Welcome to the world of sports announcing, where hockey is played indoors, football outdoors, and the announcer resides comfortably in a pressbox out of the elements, or courtside in a nice comfy chair. But what happens when that isn’t the case. In almost 25 years of sports announcing, I’ve announced in some pretty interesting places,
Welcome to the world of sports announcing, where hockey is played indoors, football outdoors, and the announcer resides comfortably in a pressbox out of the elements, or courtside in a nice comfy chair.
But what happens when that isn’t the case. In almost 25 years of sports announcing, I’ve announced in some pretty interesting places, and sports in places they don’t normally get played.
I’ve announced on scaffolding, a scissor lift, a picnic table (once for a baseball hall of famer), under a tent, without a tent, leaning on the boards, 5 feet above street level on a “floating” platform, and the corner of an ice rink. Also, ice hockey, football and wrestling indoors and out. Can’t forget the games announced in a 50,000 seat stadium with only 100 fans, or a 1,600 seat arena with only the players to entertain. On sound systems that were decades old, and sound systems that were just set up (sometimes haphazardly). Whether cavernous or quaint, there’s always a level of comfort for an announcer, except when nothing is comfortable and makes you nervous before even going into the game.
One such game, The President’s Trophy championship game for a tournament in Baltimore, Maryland. The championship game was at Oriole Park at Camden Yards, Cal Ripken was one of the coaches, his son Ryan was pitching and he faced a batter named Gehrig. Yeah, there was all kinds of “cool” baseball going on that day, in front of a few dozen fans from Gilman and Mt. St. Joseph High Schools. Going into the game, I knew it was going to be an empty stadium, but it was a stadium I’d always wanted to announce in, and one that I’d been to many times.
I had the chance to announce some of the earlier rounds of this tournament which included a game at Gilman School where I was sitting on a picnic table with a bullhorn speaker and Ripken sitting next to me and nothing over our heads except the clear-blue sky. Talk about night-and-day!
It’s easy to be overwhelmed and intimidated by the large scale of a stadium, but the key thing to remember, it’s still a baseball game. Should I have changed my style because now I’m in a Major League stadium rather than behind the backstop of a pressboxless field? No, I did it my way, and part of that style was a nod to a long-time Baltimore P. A. announcer, Rex Barney. One of the highlights of my announcing career was saying “Thank Youuuuuuuu”, like Rex following the post-game wrap up.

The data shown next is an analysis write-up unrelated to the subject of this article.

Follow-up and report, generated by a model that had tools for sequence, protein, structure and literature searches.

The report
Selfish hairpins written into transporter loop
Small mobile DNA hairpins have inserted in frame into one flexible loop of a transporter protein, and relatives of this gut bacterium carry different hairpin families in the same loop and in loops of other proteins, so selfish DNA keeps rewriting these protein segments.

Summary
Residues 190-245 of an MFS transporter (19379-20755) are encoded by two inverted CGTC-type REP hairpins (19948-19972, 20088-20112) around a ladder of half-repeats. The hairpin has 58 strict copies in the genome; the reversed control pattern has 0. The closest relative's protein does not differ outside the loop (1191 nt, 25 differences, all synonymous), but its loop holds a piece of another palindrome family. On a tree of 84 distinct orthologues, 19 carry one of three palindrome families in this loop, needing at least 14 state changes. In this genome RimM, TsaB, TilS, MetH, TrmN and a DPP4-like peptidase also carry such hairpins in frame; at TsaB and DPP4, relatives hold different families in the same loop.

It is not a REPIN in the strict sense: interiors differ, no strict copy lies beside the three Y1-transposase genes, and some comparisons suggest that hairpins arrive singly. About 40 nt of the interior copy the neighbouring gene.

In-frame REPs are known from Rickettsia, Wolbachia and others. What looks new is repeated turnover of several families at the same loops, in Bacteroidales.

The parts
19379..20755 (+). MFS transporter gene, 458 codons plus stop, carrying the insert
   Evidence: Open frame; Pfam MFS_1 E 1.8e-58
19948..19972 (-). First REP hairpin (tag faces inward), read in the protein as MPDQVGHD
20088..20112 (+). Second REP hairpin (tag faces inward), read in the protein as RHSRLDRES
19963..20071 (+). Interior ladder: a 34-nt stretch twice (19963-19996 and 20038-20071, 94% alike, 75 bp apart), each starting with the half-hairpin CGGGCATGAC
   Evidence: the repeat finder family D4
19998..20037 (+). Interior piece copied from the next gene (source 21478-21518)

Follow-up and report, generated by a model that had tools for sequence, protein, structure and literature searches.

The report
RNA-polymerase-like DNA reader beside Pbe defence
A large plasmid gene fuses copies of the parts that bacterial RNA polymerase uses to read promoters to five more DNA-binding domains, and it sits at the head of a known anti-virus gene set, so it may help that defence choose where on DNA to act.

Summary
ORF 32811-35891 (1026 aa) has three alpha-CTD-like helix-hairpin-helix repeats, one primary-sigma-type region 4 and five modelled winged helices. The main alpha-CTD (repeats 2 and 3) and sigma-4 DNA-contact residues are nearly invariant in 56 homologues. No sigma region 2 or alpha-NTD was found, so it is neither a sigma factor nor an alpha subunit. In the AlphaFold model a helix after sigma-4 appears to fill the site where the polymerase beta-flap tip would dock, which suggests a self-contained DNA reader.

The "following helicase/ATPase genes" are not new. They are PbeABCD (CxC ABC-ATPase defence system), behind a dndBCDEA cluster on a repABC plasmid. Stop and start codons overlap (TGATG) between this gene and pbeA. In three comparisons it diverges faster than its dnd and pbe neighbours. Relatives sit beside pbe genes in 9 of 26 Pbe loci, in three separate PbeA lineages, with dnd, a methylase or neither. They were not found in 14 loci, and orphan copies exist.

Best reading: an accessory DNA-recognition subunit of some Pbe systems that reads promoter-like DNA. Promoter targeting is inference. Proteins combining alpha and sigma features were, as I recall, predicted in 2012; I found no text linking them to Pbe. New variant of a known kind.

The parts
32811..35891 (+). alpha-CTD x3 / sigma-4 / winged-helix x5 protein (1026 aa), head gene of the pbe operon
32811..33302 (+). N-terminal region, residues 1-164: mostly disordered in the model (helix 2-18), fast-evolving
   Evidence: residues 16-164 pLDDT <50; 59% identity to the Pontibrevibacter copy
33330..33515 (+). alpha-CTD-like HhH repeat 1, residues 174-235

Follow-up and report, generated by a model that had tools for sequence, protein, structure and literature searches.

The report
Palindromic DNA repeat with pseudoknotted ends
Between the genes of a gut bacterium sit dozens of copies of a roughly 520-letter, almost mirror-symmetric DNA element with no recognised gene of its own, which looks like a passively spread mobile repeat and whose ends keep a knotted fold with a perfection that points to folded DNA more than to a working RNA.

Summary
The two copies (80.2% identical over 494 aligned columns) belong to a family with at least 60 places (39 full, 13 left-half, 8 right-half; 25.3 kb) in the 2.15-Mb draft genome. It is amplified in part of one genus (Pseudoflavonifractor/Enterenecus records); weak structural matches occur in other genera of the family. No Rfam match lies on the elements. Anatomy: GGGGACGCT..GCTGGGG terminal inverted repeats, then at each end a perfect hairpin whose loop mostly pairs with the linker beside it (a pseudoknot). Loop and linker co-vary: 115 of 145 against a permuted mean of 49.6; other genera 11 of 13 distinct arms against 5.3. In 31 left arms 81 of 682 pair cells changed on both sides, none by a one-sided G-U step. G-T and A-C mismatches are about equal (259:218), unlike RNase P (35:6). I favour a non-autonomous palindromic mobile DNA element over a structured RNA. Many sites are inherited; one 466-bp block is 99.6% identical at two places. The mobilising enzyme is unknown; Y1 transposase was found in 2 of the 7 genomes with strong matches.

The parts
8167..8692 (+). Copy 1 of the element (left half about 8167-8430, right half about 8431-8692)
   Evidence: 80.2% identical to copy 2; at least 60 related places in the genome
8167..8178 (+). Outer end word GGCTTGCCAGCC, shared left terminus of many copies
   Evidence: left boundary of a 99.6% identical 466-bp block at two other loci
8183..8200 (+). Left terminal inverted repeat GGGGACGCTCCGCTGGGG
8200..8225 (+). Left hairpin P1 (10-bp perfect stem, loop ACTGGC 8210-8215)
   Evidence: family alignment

Another game, which is fairly frequent now among Minor League Baseball teams is when the Potomac Nationals played a game after a Washington Nationals game at RFK Stadium in Washington DC. A stadium I’d seen on TV hundreds of times hosting Redskins games, and had always been used to tempt baseball fans in the Mid Atlantic with the possibility of hosting a team for so many years. I had been working for the P-Nats at the time and was assigned with announcing the game in 2006. Again, this was a baseball game, but one that counted for our team, and even though we were blown out by the Salem Avalanche, it was still a fun game to announce, but it was still our game. The style did not change because of the setting.
Earlier this year, Fairfax High School held a wrestling meet outdoors in the Town Square of the City of Fairfax. It was a unique event, but wrestling is typically an indoor sport.
When you announce hundreds of games in one setting, it can feel uncomfortable announcing that same sport but in a different setting. Whether it’s a new arena, a larger arena in a tournament, or a pro arena, there are so many what if’s that go through your head.
- What if I’m too loud? Simple, they’ll turn you down, or adjust accordingly.
- What if I don’t sound like their announcer? That’s fine, sound like you. That’s who is announcing. Don’t go in like you’re doing them a favor, but just do your job the best way you know how.
- What if I’m too over the top? Very simple, take a breath, focus on the game/sport and announce accordingly. Don’t change your style because you’re now inside when you’re used to being outside or vice versa.
- What if I make a mistake? Yeah, you probably will. And if you don’t harp on it, neither will anyone else. The announcers say a lot of things on a microphone and proper preparation will help you avoid making simple mistakes.
- What if they listen to me? You want them to listen to you, and “they” are the people who work at that facility. Even if they don’t hire you for anything, it’s a great networking opportunity, but your best foot forward.
- What if they laugh at me? They won’t. The fans coming to the game are ready for that sport and expect to hear an announcer that knows that sport. A baseball-only fan won’t go to a football game in the baseball stadium and expect the football line-ups to be read like a baseball line-up.
It’s ok to be a little nervous, after nearly 25 years, I still do before every game. It doesn’t matter whether it’s in a large arena, or small community rink. Just take a breath, focus on your script or scorebook and go. Remember the most important thing, have fun.